Buechner began by playing “The Age of Anxiety,” a highly energetic piece from Leonard Bernstein’s Symphony No. 2, just one of a number of pieces the symphony had chosen for their New World A-Comin’ concert, which took place on November 4. The show featured an array of music by American composers like Duke Ellington and George Gershwin, as well as by the Argentinian Alberto Ginastera.
In 1947, W.H. Auden wrote his poem “The Age of Anxiety,” which is about the search for faith in a world filled with such terrible events that meaning seems hard if not impossible to find. Leonard Bernstein — in his late 20s, thinking about spiritual truths — became obsessed with the poem, which provoked him to compose his Symphony No. 2 for Piano and Orchestra, “The Age of Anxiety,” a work of tough beauty.
“A Night in a Spanish Garden” was the title of the San Jose Chamber Orchestra’s season-opening concert Sunday at Le Petit Trianon. Pianist Sara Davis Buechner was the soloist, an enchanter at the keyboard — and as a speaker, setting the audience at ease in every way. For this listener, it was like walking into a college seminar with a genius lecturer who takes you on a journey to secret places — without leaving the room.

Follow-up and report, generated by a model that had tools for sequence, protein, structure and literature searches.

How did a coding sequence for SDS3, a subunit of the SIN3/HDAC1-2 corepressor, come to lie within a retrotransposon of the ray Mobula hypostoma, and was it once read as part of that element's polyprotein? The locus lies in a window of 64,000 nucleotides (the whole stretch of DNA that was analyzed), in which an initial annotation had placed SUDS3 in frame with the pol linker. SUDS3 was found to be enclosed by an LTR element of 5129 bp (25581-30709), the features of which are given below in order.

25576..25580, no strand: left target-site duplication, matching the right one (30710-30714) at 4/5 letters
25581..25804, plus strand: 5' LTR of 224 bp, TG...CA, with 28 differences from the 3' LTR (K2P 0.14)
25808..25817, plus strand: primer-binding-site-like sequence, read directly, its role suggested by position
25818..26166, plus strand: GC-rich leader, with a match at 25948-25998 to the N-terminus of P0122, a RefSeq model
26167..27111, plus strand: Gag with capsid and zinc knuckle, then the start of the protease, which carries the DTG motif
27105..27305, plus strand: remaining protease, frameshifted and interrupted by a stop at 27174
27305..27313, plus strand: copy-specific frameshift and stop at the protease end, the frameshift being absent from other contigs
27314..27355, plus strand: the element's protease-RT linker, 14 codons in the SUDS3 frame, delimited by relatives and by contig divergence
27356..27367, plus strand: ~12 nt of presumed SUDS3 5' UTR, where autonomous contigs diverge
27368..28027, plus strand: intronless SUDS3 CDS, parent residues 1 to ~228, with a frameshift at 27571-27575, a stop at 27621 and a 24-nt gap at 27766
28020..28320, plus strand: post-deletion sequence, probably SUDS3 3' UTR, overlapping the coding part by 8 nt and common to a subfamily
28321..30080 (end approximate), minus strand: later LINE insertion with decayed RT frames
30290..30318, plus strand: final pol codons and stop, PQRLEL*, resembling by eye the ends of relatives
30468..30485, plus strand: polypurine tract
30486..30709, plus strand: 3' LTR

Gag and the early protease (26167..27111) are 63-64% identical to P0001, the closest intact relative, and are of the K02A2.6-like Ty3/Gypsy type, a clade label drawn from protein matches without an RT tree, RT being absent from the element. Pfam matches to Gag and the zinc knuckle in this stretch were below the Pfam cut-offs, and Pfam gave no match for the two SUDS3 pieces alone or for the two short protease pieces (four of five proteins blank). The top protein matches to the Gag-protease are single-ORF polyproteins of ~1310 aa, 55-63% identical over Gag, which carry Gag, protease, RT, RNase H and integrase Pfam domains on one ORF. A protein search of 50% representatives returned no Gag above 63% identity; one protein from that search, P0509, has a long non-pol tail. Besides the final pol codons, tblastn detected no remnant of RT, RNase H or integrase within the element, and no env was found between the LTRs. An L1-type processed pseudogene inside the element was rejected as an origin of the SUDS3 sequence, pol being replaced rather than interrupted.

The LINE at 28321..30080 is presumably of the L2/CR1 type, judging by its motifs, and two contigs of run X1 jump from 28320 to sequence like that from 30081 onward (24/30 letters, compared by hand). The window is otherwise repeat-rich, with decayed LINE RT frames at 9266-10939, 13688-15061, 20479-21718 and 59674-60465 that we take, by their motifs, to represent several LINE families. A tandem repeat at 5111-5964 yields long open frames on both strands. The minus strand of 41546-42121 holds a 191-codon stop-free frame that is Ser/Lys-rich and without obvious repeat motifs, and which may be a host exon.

I love creativity in all its forms and my role models are hardly limited to fellow musicians. As a pianist I always wished to follow in the profoundly important tracks of Franz Liszt, Ferruccio Busoni, Dinu Lipatti, Clara Haskil, and my own teacher at Juilliard, the late Rudolf Firkusny. But my own approach to the piano and its sounds has been deeply influenced by flamenco and kabuki dance, the motion pictures of Kurasawa, Naruse and Charlie Chaplin, the paintings of Vermeer and Renoir, the writing of J.D. Salinger. Willa Cather and Shusaku Endo, grand American architecture of the Art Deco era, the baseball artistry of Jim Palmer, Don Mattingly, Kei Igawa and Ichiro Suzuki, and even witnessing the varied religious services of the Buddhist, Jewish, Catholic and 7th Day Adventist faith
IN September 1998, David Buechner, then 39, a prominent classical pianist, came out as a transgender woman, explaining that from then on, she would live and perform as Sara Davis Buechner. The pianist had been accustomed to rave reviews (at 24, David, in his New York City concert debut, was called “an extraordinary young artist” by a New York Times critic). But the debut as Sara, reported in a Times magazine article, was not so well received, even by loved ones.
Née David in Baltimore, USA, Sara Davis Buechner came out as a transgendered woman in the 1990’s. She was in the midst of a brilliant career as a classical pianist and teacher. A graduate of the music program at New York’s Julliard School, she was awarded the bronze medal in the 1986 Tchaikovsky Competition. Held in Moscow every four years, the Tchaikovsky is the Olympics of classical music: very prestigious!